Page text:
Embedded Editor Report: Innovation Through Iteration
January 12, 2024
It’s my last day roaming the halls at this CES celebrating the 100th Anniversary of the CTIA, and despite the encroaching exhaustion (don’t worry, it’s my fault) and probable stress fractures in my feet (a hyperbole, but not-inaccurate assessment), it’s been a really great week.
The energy of CES 2024 is about pushing forward, adapting, and making the tactical and incremental advancements that are where real engineering and development live. Today, many of the folks I spoke to weren’t showing off “new” technology, but instead improvements upon existing tech and materials for current application needs. Don’t take that as a criticism because it is quite the opposite. The ever-hungry hype cycle and the driving need to announce the “best-in-class industry-leading bleeding-edge” new device or “killer app” is perhaps useful in marketing (doubt), but engineering needs more down to earth thinking to be truly productive, collaborative, and inventive. And that’s what I saw from so many of the folks I’ve interviewed this week.
Today, I met with a company called Delvitech in the SwissTech pavilion that is using computer vision for optical inspections, which isn’t new of course, but has engineered its multi-camera setup and AI model to create truly hi-res inspection images with predictive fault recognition and avoidance.
Ethernovia is a company leveraging ethernet cable in automotive applications to simplify wiring, integrate data, and increase bandwidth while conserving weight and energy while also meeting strict security benchmarks.
Septentrio is leveraging GNSS and intelligent engineering to create highly precise location services down to centimeter accuracy. It’s already in use in rail, some electric vehicles, industrial, agricultural, and the US Government. It’s done, in part, by comparing satellite data with highly calibrated reference stations on the ground and correcting the satellite by as much as a meter of inaccuracy. It’s so accurate that the tech is in use to detect and issue earthquake warnings in California.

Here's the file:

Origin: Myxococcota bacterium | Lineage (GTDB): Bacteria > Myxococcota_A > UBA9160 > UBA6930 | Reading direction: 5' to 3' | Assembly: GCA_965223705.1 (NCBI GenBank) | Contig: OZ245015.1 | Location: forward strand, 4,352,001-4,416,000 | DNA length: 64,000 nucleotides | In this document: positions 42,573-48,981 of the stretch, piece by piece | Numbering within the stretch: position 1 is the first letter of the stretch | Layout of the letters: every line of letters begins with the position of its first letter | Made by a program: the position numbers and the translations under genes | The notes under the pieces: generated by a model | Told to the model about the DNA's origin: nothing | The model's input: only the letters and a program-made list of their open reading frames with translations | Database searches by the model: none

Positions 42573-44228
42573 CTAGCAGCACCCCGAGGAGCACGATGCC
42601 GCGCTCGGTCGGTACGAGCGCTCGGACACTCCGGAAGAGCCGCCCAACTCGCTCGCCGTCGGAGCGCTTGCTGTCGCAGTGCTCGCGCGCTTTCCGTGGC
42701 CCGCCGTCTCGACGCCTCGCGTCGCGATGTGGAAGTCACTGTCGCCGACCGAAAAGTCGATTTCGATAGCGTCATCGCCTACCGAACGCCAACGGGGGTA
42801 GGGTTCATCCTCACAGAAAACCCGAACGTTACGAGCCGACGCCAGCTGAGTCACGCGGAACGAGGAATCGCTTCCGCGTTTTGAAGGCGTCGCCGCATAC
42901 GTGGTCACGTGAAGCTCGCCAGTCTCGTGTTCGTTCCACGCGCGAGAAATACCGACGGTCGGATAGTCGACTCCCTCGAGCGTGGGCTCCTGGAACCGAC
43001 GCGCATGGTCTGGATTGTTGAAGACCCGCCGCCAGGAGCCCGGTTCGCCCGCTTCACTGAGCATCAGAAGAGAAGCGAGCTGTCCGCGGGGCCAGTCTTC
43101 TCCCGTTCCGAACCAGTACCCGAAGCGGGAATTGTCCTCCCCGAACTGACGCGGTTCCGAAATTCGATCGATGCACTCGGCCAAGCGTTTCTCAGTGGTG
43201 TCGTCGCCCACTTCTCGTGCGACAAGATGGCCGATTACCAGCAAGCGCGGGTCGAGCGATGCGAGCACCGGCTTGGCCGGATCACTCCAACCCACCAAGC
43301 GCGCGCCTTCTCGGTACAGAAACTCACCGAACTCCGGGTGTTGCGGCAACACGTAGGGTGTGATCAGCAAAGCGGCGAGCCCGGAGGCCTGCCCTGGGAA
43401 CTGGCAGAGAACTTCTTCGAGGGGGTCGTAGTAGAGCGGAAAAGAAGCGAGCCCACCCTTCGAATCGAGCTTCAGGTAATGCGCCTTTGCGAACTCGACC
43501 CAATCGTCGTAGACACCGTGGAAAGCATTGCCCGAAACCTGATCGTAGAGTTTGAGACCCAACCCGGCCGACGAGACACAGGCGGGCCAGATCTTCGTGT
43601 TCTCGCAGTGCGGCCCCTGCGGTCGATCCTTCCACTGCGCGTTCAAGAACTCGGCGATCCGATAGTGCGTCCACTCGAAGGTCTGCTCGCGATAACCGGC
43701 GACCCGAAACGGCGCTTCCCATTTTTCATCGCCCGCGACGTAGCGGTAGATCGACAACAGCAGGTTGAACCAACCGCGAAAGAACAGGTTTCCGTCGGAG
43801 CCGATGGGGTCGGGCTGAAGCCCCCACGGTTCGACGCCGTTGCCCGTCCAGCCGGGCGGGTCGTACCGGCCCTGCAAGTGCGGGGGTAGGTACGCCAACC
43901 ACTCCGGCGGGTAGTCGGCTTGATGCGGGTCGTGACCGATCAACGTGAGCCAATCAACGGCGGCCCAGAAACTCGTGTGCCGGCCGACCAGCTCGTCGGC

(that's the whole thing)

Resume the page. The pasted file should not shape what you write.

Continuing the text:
I could go on for weeks, but I’ll wrap up (for now) with Navitas. The company has seen silicon at, or approaching, the ceiling of usefulness with respect to power management. For processing, silicon is still king, but in power management it just can’t handle the loads required by modern and future AI-enabled devices, servers, and vehicles. To address this, the company has been developing and deploying power management chips and systems made of Gallium Nitrate (GaN) and for truly heavy loads, Silicon Carbide. These materials allow transformers to handle much larger loads at similar size profiles or be shrunk by huge margins if the power load isn’t the problem and the form factor is. The potential for these devices, especially GaN, in my opinion, is huge and came about through simple materials science and good engineering.
That’s all for my live CES reports, but I’ll be following up on AI, automotive, power management and lots of other Embedded topics from this week throughout the year, so don’t touch that dial and I’ll see you next time.